Warren Kanders, deputy chair of the Whitney board, has resigned the New York museum following protests over his connection to the defence industry. Kanders is the founder of Safariland LLC, a weapons manufacturer based in Jacksonville, Florida, whose products include riot gear and chemical munition purchased by governments in Turkey, Bahrain and Kuwait, and used by US law enforcement on the Mexican border and against activists in Palestine.
Last week saw the withdrawal of eight artists from the Whitney Biennial in protest.
'The targeted campaign of attacks against me and my company that has been waged these past several months has threatened to undermine the important work of the Whitney' he wrote in his resignation letter, quoted in the New York Times. 'I joined this board to help the museum prosper. I do not wish to play a role, however inadvertent, in its demise.'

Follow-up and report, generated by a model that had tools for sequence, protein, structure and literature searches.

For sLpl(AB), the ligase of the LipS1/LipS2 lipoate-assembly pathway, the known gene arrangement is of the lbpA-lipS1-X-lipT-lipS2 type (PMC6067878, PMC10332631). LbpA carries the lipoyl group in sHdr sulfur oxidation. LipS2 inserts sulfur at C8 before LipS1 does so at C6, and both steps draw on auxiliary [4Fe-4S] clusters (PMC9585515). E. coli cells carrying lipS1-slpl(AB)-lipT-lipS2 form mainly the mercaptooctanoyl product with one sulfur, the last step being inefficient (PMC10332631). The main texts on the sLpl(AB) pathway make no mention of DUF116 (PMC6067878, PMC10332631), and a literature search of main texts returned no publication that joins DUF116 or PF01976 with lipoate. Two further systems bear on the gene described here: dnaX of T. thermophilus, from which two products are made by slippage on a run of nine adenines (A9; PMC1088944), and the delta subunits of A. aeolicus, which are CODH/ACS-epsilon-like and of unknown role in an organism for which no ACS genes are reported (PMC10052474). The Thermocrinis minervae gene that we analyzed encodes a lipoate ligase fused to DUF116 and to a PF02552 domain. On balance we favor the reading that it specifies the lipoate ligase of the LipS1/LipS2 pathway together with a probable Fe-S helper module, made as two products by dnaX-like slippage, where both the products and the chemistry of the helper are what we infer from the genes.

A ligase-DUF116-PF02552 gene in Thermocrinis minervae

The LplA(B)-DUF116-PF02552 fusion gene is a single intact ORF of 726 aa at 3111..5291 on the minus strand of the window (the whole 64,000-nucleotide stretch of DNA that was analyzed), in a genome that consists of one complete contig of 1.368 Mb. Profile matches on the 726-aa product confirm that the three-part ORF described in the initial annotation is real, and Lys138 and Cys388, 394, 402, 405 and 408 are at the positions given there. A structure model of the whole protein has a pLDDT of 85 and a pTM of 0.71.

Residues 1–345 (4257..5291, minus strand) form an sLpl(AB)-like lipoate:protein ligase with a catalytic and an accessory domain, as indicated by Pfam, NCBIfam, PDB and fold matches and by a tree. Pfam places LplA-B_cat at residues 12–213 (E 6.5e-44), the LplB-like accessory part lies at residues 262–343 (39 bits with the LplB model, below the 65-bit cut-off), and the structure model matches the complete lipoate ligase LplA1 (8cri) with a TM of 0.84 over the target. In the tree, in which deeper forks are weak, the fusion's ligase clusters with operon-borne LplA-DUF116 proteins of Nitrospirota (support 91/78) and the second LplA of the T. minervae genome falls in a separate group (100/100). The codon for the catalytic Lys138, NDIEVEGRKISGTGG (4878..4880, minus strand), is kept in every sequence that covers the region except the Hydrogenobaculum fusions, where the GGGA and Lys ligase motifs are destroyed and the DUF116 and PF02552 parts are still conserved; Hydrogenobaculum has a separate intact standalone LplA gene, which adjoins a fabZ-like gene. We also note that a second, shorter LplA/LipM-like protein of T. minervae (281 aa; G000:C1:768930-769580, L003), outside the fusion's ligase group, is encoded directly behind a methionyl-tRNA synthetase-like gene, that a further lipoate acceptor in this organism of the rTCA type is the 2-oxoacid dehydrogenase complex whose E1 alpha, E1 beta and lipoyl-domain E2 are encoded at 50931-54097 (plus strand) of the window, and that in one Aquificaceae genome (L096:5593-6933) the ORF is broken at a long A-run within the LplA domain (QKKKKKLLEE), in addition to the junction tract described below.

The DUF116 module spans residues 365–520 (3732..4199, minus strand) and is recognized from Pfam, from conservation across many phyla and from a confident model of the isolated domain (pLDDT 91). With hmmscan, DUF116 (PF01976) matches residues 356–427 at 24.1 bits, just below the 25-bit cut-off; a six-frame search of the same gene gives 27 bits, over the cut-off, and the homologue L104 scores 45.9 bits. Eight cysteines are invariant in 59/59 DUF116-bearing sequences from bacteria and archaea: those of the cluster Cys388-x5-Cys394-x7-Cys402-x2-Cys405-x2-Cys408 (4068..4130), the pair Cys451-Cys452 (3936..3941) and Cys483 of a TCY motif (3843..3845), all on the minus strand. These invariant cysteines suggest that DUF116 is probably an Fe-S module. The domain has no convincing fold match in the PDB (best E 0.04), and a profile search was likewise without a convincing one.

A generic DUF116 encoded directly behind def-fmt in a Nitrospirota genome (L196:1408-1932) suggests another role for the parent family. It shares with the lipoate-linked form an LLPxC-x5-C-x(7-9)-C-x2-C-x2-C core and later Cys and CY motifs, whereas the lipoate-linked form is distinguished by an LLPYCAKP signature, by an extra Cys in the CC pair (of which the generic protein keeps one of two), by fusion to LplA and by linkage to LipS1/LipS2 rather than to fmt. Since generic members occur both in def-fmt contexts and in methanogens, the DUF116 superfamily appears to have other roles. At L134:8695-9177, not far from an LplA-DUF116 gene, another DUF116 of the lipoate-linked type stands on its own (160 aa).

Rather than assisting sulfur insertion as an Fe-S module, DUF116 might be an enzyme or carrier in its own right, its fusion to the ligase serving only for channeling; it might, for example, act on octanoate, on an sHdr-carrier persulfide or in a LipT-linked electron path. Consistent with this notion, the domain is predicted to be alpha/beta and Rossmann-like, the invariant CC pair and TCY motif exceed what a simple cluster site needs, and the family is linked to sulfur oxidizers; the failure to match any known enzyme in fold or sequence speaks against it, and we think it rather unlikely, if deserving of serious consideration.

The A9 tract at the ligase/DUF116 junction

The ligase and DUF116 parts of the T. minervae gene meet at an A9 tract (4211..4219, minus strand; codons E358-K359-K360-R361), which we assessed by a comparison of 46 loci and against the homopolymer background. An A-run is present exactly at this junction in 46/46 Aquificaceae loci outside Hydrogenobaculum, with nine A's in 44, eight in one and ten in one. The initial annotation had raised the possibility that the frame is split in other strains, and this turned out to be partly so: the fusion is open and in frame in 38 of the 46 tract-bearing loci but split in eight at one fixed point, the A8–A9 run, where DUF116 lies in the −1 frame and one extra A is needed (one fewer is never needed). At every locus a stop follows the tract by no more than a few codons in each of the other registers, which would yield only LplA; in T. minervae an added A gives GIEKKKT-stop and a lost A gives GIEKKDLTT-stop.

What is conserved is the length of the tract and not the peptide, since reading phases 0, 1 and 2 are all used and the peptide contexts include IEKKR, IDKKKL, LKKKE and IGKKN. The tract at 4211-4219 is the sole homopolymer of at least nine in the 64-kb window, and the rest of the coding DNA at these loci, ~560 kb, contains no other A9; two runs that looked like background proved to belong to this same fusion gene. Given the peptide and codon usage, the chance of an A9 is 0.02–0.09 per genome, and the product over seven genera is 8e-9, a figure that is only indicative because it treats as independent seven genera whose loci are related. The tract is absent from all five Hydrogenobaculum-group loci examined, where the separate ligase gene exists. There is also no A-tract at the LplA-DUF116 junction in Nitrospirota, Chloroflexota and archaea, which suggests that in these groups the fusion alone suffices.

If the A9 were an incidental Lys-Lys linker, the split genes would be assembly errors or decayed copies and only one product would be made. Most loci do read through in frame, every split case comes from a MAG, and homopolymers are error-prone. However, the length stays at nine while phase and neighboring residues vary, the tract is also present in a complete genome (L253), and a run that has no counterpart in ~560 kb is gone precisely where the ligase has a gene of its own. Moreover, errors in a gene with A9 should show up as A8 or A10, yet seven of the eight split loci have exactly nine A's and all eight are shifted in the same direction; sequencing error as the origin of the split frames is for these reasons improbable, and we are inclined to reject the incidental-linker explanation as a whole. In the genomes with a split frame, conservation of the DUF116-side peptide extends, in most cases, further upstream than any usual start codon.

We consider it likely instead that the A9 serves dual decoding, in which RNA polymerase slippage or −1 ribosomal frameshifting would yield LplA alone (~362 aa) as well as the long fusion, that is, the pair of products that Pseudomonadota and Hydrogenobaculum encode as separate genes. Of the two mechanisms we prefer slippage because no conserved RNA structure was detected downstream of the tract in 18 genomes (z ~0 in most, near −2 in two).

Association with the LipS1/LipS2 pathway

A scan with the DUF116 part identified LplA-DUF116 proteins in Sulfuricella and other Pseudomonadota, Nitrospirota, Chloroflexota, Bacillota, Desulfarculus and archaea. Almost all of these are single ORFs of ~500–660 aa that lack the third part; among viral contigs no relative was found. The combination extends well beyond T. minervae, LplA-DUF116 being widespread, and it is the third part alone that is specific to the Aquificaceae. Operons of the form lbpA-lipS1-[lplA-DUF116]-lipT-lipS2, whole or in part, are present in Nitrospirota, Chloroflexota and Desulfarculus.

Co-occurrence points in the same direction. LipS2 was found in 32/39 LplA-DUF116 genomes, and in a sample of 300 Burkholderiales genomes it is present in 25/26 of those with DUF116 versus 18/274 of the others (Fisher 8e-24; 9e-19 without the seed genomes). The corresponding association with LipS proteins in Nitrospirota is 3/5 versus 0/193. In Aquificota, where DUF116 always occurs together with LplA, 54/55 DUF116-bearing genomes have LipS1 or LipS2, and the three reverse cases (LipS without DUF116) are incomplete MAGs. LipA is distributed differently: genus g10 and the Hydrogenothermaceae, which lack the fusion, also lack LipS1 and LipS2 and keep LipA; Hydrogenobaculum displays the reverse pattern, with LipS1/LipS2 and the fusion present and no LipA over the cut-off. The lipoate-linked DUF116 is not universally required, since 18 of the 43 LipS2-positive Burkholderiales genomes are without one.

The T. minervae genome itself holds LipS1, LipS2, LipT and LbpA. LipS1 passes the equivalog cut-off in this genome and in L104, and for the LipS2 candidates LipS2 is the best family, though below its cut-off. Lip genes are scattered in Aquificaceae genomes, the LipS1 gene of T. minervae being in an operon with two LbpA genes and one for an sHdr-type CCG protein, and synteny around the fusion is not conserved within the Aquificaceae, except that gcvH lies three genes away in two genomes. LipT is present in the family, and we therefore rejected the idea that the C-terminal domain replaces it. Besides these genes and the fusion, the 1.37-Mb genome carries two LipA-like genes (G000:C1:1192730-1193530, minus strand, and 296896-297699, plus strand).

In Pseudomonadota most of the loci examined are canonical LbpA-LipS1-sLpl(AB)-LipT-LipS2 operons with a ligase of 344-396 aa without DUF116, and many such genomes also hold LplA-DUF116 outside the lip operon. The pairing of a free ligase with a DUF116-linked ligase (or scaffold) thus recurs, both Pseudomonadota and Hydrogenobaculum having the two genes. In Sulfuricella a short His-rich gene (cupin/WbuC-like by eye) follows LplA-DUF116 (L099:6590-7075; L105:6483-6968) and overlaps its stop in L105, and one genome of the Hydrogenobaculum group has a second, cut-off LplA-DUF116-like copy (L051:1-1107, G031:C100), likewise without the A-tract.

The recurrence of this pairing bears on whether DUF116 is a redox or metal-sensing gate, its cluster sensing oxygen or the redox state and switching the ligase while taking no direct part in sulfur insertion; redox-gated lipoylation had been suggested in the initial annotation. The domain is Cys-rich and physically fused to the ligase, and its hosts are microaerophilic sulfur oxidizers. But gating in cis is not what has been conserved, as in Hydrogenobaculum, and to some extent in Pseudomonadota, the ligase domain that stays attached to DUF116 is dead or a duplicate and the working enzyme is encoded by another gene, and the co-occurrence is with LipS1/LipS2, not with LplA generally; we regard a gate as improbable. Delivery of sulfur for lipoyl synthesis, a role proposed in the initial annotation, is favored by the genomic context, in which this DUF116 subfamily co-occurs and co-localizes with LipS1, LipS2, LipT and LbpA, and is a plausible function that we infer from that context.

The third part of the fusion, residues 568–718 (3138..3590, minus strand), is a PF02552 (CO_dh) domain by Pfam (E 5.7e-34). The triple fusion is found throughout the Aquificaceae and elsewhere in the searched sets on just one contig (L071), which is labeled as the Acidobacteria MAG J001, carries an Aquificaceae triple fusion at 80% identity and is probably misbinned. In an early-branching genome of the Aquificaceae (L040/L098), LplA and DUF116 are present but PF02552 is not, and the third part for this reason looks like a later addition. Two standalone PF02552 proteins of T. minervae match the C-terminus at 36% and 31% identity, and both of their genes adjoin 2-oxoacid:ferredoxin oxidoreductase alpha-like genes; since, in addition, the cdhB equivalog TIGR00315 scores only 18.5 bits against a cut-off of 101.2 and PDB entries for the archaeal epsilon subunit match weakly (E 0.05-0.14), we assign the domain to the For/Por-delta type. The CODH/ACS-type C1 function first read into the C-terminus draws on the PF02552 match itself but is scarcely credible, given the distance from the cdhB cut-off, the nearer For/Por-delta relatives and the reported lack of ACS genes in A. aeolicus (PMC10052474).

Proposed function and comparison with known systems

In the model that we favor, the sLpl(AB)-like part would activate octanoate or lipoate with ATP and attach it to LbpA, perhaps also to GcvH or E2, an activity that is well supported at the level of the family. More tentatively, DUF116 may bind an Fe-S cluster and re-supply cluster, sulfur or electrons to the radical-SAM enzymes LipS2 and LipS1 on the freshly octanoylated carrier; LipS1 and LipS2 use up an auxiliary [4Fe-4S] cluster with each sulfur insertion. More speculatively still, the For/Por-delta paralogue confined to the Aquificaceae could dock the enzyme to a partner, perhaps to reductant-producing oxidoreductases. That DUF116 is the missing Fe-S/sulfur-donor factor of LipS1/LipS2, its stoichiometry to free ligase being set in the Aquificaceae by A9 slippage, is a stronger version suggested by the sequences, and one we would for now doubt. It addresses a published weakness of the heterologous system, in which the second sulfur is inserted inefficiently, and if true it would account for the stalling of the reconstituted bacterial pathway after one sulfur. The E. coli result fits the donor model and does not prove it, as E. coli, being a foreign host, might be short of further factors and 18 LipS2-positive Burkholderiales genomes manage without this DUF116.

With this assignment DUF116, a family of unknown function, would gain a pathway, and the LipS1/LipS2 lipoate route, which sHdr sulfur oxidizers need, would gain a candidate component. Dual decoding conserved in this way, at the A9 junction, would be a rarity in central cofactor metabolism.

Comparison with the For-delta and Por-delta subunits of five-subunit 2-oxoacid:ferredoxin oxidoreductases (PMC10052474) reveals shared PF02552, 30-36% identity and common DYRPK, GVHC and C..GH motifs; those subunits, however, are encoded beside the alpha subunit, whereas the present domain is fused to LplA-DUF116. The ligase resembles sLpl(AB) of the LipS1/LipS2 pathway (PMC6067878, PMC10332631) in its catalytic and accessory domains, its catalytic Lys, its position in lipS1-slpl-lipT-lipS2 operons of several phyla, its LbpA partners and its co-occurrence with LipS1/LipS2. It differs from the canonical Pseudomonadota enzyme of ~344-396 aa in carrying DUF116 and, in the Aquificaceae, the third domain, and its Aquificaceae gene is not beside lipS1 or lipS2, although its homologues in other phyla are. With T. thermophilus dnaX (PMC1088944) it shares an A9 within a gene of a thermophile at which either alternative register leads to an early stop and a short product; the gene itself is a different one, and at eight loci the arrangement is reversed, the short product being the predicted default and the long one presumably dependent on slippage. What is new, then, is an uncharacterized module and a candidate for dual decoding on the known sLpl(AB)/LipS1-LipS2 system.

Eddie Arroyo, Agustina Woodgate, Korakrit Arunanondchai, Meriem Bennani, Nicole Eisenman, Forensic Architecture, Nicholas Galanin and Christine Sun Kim asked for their work to be removed from the exhibition, claiming that the Whitney had ignored ongoing concerns over Kanders. 'The museum’s inertia has turned the screw, and we refuse further complicity with Kanders and his technologies of violence' they wrote in a letter to the biennial curators. In March hundreds of artists and theorists had called for the removal of the board member, following similar demands in December made by museum staff. Artist Michael Rakowitz turned down an invitation to exhibit at the biennial over the matter.
Kanders, who is estimated to be worth $700 million, had earlier tried to shutdown criticism, writing in December. 'Safariland’s role is not to determine when and how [its products] are employed. The staff letter implies that I am responsible for the decision to use these products. I am not. That is not an abdication of responsibility, it is an acknowledgement of reality.'
25 July 2019